What is “emotional intelligence”? Before the phrase gained prominence in the mid-1990s following publication of a book by the same name by science journalist Daniel Goleman, it is not something most executives could answer.
Ability to recognize the emotions of others
But in the years since, its definition—“the ability to recognize, understand, and influence the emotions of others” as this Inc. article defines it—has grown and so has acknowledgment of it as a key managerial attribute.
Connect and Empathize with Peers
But if, hypothetically, you made the decision tomorrow that you wanted to increase your emotional intelligence, what precisely would you do? This Inc. article describes eight such things. “When you master being aware of your emotions and the emotions of others, you can connect and empathize with peers and co-workers much more cohesively to reach solutions faster,” the author argues.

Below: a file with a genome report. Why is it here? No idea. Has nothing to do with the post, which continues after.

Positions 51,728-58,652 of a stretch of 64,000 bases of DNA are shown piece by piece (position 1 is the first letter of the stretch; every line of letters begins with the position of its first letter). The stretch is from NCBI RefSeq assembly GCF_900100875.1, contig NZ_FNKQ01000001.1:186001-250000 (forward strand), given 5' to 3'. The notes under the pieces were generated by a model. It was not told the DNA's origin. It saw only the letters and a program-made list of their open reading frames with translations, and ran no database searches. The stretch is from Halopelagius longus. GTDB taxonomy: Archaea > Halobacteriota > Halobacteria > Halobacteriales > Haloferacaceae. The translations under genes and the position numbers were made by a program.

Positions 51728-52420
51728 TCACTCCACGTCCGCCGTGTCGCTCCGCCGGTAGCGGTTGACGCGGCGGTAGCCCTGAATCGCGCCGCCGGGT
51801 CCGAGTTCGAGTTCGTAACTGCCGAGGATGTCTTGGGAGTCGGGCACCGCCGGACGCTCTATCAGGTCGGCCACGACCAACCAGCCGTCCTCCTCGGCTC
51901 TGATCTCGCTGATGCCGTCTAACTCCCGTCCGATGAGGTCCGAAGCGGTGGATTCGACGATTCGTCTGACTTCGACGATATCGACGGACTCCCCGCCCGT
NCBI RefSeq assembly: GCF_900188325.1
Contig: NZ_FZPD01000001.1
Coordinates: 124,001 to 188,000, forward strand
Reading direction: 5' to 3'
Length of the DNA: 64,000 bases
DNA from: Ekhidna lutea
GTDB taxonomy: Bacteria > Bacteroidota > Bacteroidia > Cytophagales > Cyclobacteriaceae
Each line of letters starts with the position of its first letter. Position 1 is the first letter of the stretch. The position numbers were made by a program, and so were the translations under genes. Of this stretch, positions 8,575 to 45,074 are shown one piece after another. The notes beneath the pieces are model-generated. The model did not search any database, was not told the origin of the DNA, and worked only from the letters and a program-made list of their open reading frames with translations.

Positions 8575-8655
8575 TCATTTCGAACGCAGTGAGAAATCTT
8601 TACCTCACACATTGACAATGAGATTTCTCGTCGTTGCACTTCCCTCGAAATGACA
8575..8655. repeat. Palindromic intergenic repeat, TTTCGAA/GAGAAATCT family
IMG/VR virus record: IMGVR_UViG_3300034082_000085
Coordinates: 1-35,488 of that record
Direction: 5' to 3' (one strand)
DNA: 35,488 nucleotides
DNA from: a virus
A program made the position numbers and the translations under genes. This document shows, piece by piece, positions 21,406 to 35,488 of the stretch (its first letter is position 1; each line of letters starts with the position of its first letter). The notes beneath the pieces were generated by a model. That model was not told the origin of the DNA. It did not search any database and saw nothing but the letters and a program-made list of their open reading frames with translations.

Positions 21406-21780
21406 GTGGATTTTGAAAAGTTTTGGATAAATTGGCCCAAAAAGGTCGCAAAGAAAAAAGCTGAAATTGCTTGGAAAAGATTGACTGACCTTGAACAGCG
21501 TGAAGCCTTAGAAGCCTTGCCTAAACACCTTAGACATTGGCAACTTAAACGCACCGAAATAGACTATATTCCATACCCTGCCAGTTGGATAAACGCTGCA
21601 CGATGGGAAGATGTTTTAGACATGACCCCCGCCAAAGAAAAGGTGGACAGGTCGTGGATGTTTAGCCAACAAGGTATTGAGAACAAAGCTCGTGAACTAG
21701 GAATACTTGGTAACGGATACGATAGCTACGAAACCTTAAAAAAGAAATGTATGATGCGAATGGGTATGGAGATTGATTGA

Eight steps and their Associated Descriptions
The eight steps described for those seeking to increase their emotional intelligence are:
1. Kill negative self-talk,
2. Stop judging others,
3. Live by your values,
4. Lean on your intuition,
5. Learn to grow from your failures,
6. Heal from past hurts,
7. Practice forgiveness, and
8. Acknowledge your blind spots.
A good place to start
“Like many things in life, increasing your emotional intelligence and becoming a more effective human being takes practice,” this Inc. author writes. These eight steps are good places to start.